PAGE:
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Measure to change fiscal year may go to Crestwood aldermen


An ordinance changing the city of Crestwood's fiscal year to a calendar year could be considered by the Board of Aldermen as soon as next week.

The city's Ways and Means Committee voted unanimously Saturday morning to have an ordinance drafted for the Board of Aldermen's consideration that would change the city's fiscal year to a calendar year.

The city's fiscal year now runs from July 1 to June 30. If the proposed ordinance is adopted, the fiscal year would begin Jan. 1 and end Dec. 31, effective Jan. 1, 2005.

City Administrator Don Greer said he would like the Board of Aldermen to consider the ordinance when it meets at 7 p.m. Tuesday, Jan. 27, at City Hall, 1 Detjen Drive.

In a Jan. 17 memo to the Ways and Means Committee about his recommendation to change the fiscal year to a calendar year, Greer wrote, "This will need to be considered and approved most appropriately at the board's second meeting in January (Jan. 27); no later than the first meeting in February. Otherwise, we will need to begin the full budget process.''

During Saturday's meeting, Greer said, "... It's my intention to have an ordinance prepared for the board's consideration at their Jan. 27 meeting. I know we've talked about this on a number of occasions and talked about the reasons why, but there are a number of things that need to be addressed. I want to make sure you're comfortable with that.''

The ordinance changing the fiscal year also would include a transition schedule.

"In essence, the period from July 1 through Dec. 31 of 2004 would be covered by an appropriation ordinance,'' Greer said.

The appropriation ordinance would be a "mini-budget'' authorizing the continuation of current expense items, including employee salaries, debt service and capital expenditures, according to Greer.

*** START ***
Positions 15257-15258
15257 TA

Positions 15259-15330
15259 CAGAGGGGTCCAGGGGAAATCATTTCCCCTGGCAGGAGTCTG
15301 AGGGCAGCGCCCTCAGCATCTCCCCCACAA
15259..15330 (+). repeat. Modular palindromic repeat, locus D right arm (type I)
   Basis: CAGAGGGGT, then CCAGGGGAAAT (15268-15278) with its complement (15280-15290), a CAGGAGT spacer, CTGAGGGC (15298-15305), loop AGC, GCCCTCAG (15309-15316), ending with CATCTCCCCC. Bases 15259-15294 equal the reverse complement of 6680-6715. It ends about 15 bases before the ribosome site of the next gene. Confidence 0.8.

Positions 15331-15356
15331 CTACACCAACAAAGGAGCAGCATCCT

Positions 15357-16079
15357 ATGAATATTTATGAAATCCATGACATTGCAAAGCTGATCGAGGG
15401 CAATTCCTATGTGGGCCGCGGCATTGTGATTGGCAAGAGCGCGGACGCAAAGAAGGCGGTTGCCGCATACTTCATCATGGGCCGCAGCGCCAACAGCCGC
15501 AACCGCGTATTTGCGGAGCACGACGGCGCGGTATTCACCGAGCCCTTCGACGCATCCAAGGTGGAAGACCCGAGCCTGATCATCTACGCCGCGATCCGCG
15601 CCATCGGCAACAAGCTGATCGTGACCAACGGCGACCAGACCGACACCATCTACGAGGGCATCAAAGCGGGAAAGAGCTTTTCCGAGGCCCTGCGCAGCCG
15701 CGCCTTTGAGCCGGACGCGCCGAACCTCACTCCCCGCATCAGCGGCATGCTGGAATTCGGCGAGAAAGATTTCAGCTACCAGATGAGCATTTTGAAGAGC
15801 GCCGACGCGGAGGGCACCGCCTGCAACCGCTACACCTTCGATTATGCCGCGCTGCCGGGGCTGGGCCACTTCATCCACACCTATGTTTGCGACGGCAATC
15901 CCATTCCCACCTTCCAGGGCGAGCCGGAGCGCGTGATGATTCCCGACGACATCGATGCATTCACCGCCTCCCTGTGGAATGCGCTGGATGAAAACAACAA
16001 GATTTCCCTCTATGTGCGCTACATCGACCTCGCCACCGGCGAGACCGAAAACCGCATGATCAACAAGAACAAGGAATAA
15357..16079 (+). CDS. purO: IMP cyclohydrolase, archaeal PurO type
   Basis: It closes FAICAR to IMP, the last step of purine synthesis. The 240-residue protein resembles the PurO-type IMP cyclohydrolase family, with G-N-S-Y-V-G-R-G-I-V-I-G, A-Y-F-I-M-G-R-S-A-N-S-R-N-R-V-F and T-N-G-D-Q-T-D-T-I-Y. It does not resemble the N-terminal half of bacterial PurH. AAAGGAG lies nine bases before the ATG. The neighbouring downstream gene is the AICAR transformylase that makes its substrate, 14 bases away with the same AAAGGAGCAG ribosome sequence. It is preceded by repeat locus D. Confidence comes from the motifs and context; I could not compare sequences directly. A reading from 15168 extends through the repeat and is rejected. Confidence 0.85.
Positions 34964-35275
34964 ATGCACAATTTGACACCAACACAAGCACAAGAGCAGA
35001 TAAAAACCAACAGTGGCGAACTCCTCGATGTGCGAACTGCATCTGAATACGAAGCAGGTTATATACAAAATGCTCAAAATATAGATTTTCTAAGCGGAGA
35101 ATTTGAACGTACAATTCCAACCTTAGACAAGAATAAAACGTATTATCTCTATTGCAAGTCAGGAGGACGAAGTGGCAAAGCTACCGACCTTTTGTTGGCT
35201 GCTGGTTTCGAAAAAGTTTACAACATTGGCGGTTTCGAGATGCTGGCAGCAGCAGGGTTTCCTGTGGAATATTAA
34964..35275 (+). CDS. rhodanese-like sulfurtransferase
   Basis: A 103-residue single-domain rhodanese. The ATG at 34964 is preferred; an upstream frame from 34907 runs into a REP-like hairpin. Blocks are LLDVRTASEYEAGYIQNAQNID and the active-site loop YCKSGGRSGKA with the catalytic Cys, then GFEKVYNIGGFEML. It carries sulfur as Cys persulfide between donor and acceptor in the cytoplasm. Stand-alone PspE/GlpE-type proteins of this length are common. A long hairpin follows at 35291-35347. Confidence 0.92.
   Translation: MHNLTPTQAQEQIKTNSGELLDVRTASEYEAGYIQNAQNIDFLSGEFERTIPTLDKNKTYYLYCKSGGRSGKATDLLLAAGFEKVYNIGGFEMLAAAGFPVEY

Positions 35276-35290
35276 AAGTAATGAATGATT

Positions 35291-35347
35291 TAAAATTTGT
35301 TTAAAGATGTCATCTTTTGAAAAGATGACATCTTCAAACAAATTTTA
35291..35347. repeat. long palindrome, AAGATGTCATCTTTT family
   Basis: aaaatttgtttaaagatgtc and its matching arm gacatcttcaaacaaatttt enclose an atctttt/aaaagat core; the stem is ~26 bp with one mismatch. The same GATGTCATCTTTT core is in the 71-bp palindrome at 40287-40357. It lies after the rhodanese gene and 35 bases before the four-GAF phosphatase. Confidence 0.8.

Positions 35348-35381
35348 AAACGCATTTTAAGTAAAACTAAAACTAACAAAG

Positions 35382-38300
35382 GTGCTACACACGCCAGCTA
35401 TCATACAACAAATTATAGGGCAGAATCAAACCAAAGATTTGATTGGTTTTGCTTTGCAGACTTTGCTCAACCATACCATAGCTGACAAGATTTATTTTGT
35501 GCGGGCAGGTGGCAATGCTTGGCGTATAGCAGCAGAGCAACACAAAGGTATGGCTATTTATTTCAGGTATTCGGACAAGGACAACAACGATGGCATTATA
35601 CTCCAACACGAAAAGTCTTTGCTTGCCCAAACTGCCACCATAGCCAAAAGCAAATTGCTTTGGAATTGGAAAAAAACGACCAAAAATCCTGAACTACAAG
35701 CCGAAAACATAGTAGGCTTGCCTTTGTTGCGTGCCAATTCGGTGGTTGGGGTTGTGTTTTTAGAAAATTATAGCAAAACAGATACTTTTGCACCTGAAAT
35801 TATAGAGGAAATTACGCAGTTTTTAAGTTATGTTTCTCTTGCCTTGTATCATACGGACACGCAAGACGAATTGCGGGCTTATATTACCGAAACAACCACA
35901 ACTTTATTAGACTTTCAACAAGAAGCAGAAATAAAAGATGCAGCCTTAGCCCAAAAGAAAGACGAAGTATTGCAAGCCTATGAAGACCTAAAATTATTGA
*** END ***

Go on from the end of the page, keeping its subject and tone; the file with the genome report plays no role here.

The appropriation ordinance also should involve establishing a non-expendable trust account for cash reserves with a target amount for those reserves, perhaps $1.5 million, according to Greer.

During the discussion, Mayor Jim Robertson said it was his understanding changing to a calendar fiscal year would allow the city to better control its expense position.

For example, the majority of revenue Crestwood receives is generated by sales tax, primarily during the holiday shopping season. However, the city does not receive the sales-tax revenue generated by the holiday shopping season until March.

With the current fiscal year, if Crestwood receives less sales tax than anticipated from the holiday shopping season, city officials have roughly 90 days to make adjustments before June 30 — the end of the fiscal year. A calendar fiscal year would give city officials about nine months to respond if the holiday shopping season generates less sales-tax revenue than projected, the mayor noted.

Greer said, "I can sum this up in two words — cash flow. That's what I've been preaching for quite a while and you're exactly correct and you're exactly on point.''

Robertson said, "The reason I bring this up is that it's been suggested in some media outlets that for some reason or other changing the fiscal year was some kind (of attempt) to distort the report of actual expenses and revenues on a monthly basis for the city and that's not true. Those numbers won't change on a month-to-month basis. They're just there.''

Greer said, "Well, it's also been suggested that this is not the time that we should do it (change to a calendar fiscal year), which is exactly the opposite ... It's critical that we do this because it is related, it's all related to management of cash flow and based upon our cash flow, it is imperative because we can manage the expense side. We have control over the expense side — to be able to manage those expenses in a manner in which it maximizes our revenues and gives us a sufficient time to be able to recover from any ... variances.''

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